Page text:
Report: Walk the red line to discover Hull’s special places

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It turns out there are a lot of special places in Hull, and all you have to do to find them is follow the red line.

Visitors from across the Ottawa River can now take a walking tour through Gatineau’s central district, marked by a red line painted along the sidewalk and inspired by the Freedom Trail in Boston, Mass.

The three-kilometre trail, now in its second year, begins at Jacques-Cartier Park and features cultural attractions and public art along the way. 

Stefan Psenak, head of Vision centre-ville, the group behind the red line, told CBC Radio’s Ottawa Morning the tour aims to expose visitors to more than just the tourist destinations like the Canadian Museum of History. 

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“How do we get those people to not cross back to Ottawa right away after their visit? To look at what’s happening here. There’s a lot happening here, there’s cool places. Restaurants and shops,” he said.

Stefan Psenak heads Vision centre-ville, a group pushing to revitalize downtown Hull. (Hallie Cotnam/CBC )

18K walked line last year

Last year Vision centre-ville counted 18,000 people who began at Jacques-Cartier Park and followed the trail downtown. 

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“We had quite a team last year. We had a committee for Canada’s 150th birthday,” he said. “It was quite something to measure, but we’re happy we got those figures.”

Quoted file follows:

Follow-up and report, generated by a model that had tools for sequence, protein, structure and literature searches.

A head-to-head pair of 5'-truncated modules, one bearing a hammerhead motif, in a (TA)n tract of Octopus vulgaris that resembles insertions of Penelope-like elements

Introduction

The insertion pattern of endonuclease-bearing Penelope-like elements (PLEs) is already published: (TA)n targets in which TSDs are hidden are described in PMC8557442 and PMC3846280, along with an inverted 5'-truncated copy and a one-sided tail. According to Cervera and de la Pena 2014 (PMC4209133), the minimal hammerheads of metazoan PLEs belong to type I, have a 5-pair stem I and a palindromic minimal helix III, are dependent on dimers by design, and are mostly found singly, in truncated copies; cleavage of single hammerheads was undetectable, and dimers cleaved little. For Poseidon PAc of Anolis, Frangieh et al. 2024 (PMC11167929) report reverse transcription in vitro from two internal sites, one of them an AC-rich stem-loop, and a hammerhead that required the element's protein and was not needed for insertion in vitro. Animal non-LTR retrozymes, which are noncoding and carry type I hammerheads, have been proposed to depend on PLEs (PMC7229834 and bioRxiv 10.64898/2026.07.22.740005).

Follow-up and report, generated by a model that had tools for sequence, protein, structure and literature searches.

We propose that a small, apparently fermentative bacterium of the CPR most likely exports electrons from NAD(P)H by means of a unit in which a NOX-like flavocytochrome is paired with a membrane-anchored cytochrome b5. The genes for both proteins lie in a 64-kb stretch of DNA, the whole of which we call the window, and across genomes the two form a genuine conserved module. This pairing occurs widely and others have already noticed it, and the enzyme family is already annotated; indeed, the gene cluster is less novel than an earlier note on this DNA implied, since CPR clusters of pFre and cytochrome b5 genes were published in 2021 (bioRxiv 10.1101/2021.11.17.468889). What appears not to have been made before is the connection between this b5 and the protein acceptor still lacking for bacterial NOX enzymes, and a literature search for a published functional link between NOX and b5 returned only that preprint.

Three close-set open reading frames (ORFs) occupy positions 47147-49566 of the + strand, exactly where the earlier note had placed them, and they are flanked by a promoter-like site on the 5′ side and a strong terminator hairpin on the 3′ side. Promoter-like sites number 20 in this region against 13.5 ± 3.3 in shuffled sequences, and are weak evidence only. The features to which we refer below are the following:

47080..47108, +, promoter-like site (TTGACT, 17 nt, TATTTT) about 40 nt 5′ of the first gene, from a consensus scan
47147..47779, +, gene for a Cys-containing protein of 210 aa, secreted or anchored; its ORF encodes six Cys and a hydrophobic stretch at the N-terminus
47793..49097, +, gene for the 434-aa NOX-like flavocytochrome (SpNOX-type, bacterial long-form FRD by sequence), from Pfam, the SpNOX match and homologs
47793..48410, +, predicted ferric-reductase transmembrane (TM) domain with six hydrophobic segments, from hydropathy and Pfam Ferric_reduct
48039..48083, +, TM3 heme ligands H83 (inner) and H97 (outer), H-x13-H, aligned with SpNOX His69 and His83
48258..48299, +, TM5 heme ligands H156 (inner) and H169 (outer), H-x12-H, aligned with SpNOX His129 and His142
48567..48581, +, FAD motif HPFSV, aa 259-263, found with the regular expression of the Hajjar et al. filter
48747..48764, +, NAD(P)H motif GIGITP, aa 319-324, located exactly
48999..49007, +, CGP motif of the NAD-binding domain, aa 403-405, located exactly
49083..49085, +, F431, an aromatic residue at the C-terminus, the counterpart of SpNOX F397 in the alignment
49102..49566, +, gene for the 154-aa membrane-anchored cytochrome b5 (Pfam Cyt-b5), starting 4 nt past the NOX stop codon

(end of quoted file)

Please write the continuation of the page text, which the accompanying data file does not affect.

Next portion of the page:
The group was able to focus on Mosaïculture in Jacques-Cartier Park to draw tourists in 2017. This year they’re working with partners along the line, including the Canadian Museum of History, to direct visitors to the trail, Psenak said. 

The group behind the three-kilometre red line hopes it will coax tourists past Jacques-Cartier Park and the Canadian Museum of History, and into the heart of Hull. (Hallie Cotnam/CBC News )

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He added that the group is open-minded about adding more English signage — a touchy subject in Quebec, with its French sign laws. 

There are 24 signs along the red line with fun facts and history in both English and French. They’ve also launched a bilingual app, Psenak added. 

“So yes, we are improving that part. A lot of our visitors, they come from Ottawa or other parts of Canada.”

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